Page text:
What does that mean exactly? It means you play in a multiplayer world that has the possibility of being permanently destroyed, resulting in server-wide perma death. What’s more, the reason it’s destroyed would be the players’ own fault. It’s not that different from our own world in that way.
“This ecosystem is your only lifeline in a race against time.”
It works like this: a new server is started, and players enter at the beginnings of civilization. There’s a world-destroying cataclysm looming, like a drought or a flood or a meteor heading for the Earth, several real-time weeks away. In order to prevent that catastrophe from happening, you need to build a civilization and advance technology and resources to the point that the crisis can be averted.
However you’re not alone in this world. Besides the other players, you’ll be sharing the world with a detailed wilderness simulation full of plants and animals. They simulate 24 hours a day, living out their lives with or without human interaction, growing, feeding and reproducing. Together they form an ecosystem rich with resources, resources that you must use to survive and develop a civilization.
However, these resources are finite. Chop down every tree and fail to plant more? They won’t be growing back. Hunt every elk for food? They’re now extinct. Pollute a section of land with mining runoffs? Your crops are poisoned. This ecosystem is your only lifeline in a race against time, your source of resources that will either prevent humanity’s destruction, or become the source of its destruction when the group squanders its resources.
Thus you’re facing two existential crises simultaneously: an external threat that you must avert, and the threat of causing your own destruction. A rock and a hard place.
To solve this you’ll need to collaborate among a group of dozens of players (and eventually hundreds or thousands of people as we grow the game). You’ll need a strong economy that generates resources that can build the civilization, but that does so in a way that doesn’t destroy the ecosystem. You’ll need to make key decisions as a group as to the best approach to do that, and the game provides you a tool for that, a virtual government.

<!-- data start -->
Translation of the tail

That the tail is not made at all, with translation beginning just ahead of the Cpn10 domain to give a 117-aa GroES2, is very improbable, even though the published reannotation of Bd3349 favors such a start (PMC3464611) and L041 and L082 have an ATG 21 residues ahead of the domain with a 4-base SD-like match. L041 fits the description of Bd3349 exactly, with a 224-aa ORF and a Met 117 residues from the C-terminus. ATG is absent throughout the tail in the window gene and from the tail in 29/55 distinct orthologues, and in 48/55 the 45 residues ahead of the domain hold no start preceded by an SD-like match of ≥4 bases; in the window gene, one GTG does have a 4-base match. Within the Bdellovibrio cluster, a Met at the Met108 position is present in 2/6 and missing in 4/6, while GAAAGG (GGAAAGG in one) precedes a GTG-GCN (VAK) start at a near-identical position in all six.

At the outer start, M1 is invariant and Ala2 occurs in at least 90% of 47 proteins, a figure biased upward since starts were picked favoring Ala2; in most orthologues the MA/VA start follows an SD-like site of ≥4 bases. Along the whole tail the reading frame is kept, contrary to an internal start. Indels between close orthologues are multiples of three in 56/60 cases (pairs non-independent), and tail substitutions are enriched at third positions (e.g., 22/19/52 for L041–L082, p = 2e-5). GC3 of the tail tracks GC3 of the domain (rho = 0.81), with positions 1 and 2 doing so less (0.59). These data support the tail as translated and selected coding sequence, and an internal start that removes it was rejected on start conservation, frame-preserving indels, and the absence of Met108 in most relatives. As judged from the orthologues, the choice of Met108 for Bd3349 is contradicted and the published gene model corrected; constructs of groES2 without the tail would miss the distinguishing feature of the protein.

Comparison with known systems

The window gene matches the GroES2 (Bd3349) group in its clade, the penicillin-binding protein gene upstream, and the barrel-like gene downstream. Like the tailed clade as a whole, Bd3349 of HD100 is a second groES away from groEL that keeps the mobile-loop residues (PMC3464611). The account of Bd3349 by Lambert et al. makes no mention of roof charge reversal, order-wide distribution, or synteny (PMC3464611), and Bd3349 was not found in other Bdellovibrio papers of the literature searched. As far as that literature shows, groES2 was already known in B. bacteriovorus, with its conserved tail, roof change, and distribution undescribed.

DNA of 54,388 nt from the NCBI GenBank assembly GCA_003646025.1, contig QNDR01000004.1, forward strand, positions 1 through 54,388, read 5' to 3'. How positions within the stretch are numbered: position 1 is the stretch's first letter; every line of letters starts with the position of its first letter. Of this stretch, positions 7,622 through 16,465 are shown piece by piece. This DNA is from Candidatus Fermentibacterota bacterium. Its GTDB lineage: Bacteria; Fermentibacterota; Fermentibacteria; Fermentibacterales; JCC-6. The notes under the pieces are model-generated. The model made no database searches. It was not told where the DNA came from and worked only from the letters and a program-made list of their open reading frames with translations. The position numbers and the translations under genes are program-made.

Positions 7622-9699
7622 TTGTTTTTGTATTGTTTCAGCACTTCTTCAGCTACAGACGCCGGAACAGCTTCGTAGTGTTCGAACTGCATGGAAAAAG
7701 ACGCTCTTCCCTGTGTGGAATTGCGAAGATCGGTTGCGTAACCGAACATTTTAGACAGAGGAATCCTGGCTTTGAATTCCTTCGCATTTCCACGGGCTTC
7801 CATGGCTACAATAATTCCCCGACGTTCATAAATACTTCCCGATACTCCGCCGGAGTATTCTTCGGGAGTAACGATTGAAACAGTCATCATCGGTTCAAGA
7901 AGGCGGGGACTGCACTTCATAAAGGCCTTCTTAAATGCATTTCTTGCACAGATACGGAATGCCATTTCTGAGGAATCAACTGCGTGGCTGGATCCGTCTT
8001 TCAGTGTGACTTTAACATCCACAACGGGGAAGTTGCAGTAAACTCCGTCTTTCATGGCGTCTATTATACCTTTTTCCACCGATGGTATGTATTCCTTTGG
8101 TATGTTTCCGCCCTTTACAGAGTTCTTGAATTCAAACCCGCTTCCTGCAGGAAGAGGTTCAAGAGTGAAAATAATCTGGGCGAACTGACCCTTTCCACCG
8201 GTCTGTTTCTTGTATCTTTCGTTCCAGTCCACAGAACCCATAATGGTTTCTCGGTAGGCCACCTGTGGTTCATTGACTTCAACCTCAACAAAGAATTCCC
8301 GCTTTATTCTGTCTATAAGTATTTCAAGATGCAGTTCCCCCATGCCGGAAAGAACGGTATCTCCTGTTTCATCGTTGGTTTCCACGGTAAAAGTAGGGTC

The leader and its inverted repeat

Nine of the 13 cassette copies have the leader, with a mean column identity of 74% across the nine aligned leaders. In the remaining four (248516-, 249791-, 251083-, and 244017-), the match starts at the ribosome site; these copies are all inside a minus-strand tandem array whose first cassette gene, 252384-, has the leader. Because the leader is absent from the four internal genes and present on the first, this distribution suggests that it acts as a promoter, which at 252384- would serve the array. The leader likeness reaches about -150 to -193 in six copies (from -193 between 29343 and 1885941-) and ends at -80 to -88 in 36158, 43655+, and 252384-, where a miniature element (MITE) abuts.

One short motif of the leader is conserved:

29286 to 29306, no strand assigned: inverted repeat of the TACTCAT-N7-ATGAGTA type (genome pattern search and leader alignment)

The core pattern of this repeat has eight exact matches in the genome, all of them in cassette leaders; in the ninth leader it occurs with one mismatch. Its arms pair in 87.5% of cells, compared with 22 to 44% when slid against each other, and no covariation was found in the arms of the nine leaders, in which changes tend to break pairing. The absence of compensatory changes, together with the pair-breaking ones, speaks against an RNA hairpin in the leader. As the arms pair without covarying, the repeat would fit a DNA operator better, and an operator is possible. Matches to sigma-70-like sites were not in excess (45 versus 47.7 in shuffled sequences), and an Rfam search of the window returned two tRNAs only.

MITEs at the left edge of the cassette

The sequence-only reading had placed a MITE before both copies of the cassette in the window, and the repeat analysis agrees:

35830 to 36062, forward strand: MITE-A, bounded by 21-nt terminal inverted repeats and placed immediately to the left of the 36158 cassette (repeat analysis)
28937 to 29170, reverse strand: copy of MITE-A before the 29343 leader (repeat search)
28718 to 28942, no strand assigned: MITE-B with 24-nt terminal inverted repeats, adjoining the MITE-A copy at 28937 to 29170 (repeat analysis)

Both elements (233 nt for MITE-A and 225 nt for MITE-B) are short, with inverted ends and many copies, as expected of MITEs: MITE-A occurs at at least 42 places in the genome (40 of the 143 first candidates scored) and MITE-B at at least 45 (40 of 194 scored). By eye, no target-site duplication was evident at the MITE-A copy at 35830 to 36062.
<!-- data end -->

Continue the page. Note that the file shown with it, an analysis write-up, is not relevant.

In Eco you can propose and vote on laws that then become physical limitations in the world. Limit the number of trees each player can chop down per day to 10 for example, and they will be physically prevented from chopping an 11th. To aid in arguing for these type of decisions, the player can use data collected from the ecosystem simulation, using graphs and data as support for laws. Together these features create an extremely powerful tool, a way for the group to guide itself and align its interests in the face of impending crises.
“We’re all in this together, and yet the only enemy is ourselves…”
It won’t be an easy journey. Despite everyone occupying the same world and having the same interest in its survival, individual incentives will make for vastly different positions. Is your character a lumberjack specializing in cutting down trees for their livelihood? You’re likely going to have a different idea as to how many trees should be allowed cut down than others. We’re all in this together, and yet the only enemy is ourselves, the individual’s needs vs the group’s.
Will you find a balance? Will your world survive, or be lost and wiped from existence? Eco is possibly the first video game where your character can actually save the world, because the alternative is for once possible.
Within the coming months, we will be running a Kickstarter campaign to get this game jump-started, followed by early-access immediately after. We’d like to invite you on this journey, helping spread the word about the game, supporting our Kickstarter, and then participating in development, actively shaping the direction we take.
I believe games can be a lot more than they typically are, they can take on rich real-world topics with a depth and meaningfulness that rivals any other form of media, and we want to push how games are thought of with Eco. Many games are designed to allow the player to escape their world, we want to make a game that does the opposite: a game that engages the player deeply with the real world through a concentrated virtual recreation of it. I believe this can have effects well beyond just entertainment. I hope you’ll join us down this unexplored path.